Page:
IDF: Religious youth still motivated

Numbers willing to serve in elite units remain high even after pullout.

By
January 25, 2006 22:41
1 minute read.
religious soldiers 298

religious soldiers 298. (photo credit: Ariel Jerozolimski)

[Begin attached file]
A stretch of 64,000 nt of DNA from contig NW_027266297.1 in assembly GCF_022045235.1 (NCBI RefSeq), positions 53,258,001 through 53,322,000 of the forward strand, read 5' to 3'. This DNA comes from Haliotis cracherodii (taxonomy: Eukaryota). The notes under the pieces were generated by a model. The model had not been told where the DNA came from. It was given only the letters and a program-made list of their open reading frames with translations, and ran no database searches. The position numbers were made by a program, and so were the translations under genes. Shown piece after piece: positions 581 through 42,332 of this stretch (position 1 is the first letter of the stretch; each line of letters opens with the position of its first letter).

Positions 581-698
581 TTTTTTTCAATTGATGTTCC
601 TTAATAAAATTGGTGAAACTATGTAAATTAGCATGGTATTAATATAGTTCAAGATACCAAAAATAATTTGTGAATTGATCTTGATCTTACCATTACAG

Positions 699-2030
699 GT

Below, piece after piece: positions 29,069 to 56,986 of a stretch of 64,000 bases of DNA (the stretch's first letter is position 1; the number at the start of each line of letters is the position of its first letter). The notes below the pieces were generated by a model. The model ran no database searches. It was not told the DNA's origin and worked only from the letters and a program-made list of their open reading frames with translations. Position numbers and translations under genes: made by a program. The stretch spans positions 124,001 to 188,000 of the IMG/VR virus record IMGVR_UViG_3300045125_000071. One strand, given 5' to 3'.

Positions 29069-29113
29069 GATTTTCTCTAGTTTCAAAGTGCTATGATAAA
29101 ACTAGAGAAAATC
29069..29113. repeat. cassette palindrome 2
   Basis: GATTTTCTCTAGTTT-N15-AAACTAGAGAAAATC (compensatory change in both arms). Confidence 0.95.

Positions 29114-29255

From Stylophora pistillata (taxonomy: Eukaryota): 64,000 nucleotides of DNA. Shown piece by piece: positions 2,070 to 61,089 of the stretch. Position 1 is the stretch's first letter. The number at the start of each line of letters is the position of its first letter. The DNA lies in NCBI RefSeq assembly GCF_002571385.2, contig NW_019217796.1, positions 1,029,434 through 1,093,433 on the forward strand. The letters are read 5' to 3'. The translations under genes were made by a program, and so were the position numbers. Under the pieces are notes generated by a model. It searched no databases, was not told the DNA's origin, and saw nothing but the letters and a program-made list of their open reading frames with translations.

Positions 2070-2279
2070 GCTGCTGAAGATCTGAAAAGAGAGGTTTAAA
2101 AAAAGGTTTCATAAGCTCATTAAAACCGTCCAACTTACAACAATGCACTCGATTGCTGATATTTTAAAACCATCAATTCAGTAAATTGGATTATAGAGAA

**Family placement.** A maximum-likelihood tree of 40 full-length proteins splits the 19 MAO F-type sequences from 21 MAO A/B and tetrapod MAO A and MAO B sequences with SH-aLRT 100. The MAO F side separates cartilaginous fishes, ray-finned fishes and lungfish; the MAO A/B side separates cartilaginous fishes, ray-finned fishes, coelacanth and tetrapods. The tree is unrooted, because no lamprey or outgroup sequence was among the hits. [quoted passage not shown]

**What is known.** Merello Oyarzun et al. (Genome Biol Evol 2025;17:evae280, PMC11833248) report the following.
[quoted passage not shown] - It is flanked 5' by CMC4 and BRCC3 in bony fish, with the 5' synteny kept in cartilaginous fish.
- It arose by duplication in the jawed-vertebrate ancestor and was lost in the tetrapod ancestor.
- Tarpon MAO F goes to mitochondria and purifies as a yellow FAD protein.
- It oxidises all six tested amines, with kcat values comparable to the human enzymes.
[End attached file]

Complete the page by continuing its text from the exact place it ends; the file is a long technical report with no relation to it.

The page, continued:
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The level of motivation among observant youth to serve in the IDF has not been impaired by the disengagement from the Gaza Strip this past summer and has remained high, IDF officers said this week. Despite earlier predictions that groups of observant youth would refuse to serve in what they had called an "expulsion army," the officers rejected claims of a drop in motivation. "The observant youth's motivation to serve has stayed the same as it always was," one officer said. According to the army, the last major draft in November proved that observant youth were still entering the army in the same large numbers as in previous years and were still highly motivated to serve in combat units. "Nothing has changed as can be seen by the November draft and by the number of observant youth who ask to become IDF officers," the army said. Not everyone agreed with the army's assessment, however. Kobi - a 19-year-old youth arrested in the run-up to the disengagement - said he was happy not to serve in the army. During his first interview with the army he said he wanted to serve in an elite combat unit, but the disengagement changed everything. "I came to Israel at the age of 10 and always dreamed of serving in the army," he said. "After the evacuations, however, I realized that the army wasn't what it was made out to be." At the beginning of the month, chief of General Staff Lt.-Gen. Dan Halutz backed down from his threat following the pullout from Gaza that youth who participated in resistance to the disengagement would not be allowed to serve in the army. In a change in policy, Halutz instructed the IDF Manpower Division to enlist all of the observant youth except those still under police investigation. In addition, OC Manpower Maj.-Gen. Elazar Stern issued an order forbidding field commanders from asking new recruits where they were and what they did during the disengagement. The army admitted that it had postponed the induction of several youths who were still under police investigation. "Their actions during the disengagement are still being investigated by the Israel Police," officers explained. "They will, however, be allowed to serve after the investigation is completed and they are cleared."

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